By: McCrae Harrison

As a transitioning veteran, it’s important to note that your challenge isn’t over once you’ve received a job offer. You will remain in the process of transition for months after you’ve started work in a new job. There will be new people to meet, new organizational norms to understand, and many new processes which you will need to learn in order to be successful.

Working in a new job without the support of a mentor is like playing a card game with no one there to tell you the rules. This is why it is so important to seek out great mentors.

A mentor is someone who is typically senior to you in the organization and is willing to share knowledge, advocate on your behalf, and provide professional guidance. That doesn’t mean seniority is a prerequisite; mentors can be peers or near-peers as well. Knowledge, skills, abilities, and networks (not to mention a tangible, meaningful interest) determine candidates for this kind of relationship.  Mentor-mentee relationships can be formal, communicating with a set frequency and working towards established milestones. These relationships can also be casual and fairly low-maintenance. Here are three reasons why you should look for a mentor when you start a new job:

 

Mentors help you get to know a new organization.

By the time you left the service, you probably had a lot figured out about how to be successful, who has influence, and what framework people need to follow in order to get where they want to go in their careers. In a new work environment, especially in your first civilian job, you will be starting entirely from scratch. You will develop assumptions and theorize on how to operate in your new work structure, but without a mentor, you will have to test all of these assumptions yourself. A mentor can quickly answer your questions and point in you in the right direction preventing you from making an unnecessary misstep. Mentors also provide perspective! They know the organization better than you do, and can provide insight as to how or why something’s happening. This is crucial, and can help you react or respond to a situation with better intelligence in hand.

 

Mentors help connect you with the right people.

When you reach the end of your military career, you may be fortunate enough to still have some of your pre-military network around you. Those networking efforts must continue within your new organization, if you wish to advance or work in other areas later in your career. Networking in a new company tends to happen organically in meetings, workgroups, or office gatherings. Still, it is helpful to have a mentor who can tell you exactly who will be able to help with a problem you’re stuck on or even advance your career in your desired direction.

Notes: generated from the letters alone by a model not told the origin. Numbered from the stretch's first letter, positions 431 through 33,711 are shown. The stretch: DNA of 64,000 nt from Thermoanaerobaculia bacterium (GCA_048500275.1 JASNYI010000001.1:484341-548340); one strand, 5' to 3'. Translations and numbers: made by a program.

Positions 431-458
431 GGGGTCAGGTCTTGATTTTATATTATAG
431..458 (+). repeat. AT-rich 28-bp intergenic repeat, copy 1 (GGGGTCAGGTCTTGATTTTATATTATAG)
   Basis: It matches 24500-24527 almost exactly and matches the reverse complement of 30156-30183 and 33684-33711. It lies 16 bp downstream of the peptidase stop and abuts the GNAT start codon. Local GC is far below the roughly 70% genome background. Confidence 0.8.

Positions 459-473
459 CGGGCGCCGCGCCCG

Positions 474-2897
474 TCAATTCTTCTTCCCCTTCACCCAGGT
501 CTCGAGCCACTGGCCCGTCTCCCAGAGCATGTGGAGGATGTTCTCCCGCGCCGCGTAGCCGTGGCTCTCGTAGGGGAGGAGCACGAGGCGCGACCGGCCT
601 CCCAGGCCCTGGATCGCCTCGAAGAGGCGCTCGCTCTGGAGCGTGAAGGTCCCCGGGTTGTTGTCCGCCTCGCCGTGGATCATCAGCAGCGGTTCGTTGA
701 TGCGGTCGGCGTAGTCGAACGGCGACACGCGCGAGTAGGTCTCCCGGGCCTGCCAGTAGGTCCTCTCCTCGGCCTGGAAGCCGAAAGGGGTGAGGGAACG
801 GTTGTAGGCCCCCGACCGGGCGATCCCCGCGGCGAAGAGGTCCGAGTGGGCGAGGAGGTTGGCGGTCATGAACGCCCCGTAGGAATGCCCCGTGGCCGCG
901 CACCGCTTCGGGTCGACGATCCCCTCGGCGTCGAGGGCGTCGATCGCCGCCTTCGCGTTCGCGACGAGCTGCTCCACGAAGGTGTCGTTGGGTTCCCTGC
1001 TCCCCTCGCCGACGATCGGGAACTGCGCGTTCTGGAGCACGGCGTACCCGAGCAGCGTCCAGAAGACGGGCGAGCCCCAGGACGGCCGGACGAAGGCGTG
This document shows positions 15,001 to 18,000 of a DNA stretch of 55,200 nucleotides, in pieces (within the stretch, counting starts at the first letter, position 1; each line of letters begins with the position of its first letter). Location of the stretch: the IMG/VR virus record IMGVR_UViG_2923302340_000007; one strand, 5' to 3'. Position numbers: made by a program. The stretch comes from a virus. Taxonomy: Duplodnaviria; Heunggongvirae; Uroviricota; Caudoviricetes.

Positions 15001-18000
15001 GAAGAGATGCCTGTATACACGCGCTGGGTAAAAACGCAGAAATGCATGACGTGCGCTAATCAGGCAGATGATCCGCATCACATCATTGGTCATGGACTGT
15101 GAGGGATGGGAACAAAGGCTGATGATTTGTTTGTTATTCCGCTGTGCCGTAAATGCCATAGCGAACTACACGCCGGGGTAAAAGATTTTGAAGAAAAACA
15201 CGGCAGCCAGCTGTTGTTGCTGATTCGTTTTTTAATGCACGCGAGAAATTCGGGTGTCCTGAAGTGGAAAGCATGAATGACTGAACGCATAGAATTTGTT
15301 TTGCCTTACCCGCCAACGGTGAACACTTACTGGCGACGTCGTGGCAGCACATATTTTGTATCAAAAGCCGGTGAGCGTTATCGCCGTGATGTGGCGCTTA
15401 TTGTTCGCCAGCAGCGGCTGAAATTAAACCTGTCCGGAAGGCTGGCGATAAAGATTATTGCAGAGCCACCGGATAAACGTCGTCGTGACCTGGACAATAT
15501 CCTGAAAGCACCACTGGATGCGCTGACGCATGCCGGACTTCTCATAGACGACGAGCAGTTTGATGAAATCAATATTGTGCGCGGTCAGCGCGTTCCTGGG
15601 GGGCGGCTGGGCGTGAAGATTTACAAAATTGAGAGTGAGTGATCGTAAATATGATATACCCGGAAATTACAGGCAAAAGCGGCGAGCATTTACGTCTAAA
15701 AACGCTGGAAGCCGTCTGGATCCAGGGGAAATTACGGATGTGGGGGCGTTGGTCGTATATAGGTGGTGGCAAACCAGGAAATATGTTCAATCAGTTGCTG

Mentors help you find new opportunities.

Opportunities in the civilian world are often not shared with a broader audience. The leadership of your organization may have knowledge of a project or assignment that would be perfect for you, but if they don’t know you and trust you as a competent employee, you’ll have no opportunity to compete. It’s important to share your career aspirations with your mentor so they know how and when to promote you to others. Having a well-connected mentor who recognizes your potential and understands what you wish to accomplish can give you a tremendously sharp edge, even over others who have been with the organization longer. Your personal brand and your ability to network and connect will always be important, whether you’re looking for a job or not.

 

Author - McCrae Harrison

McCrae served 5 years on active duty as a Coast Guard marine inspector before transitioning to the civilian workforce. She now works in the oil & gas industry as an emergency manager in the Pacific Northwest. She is passionate about career planning and personal brand development. For more information, connect with McCrae on LinkedIn.

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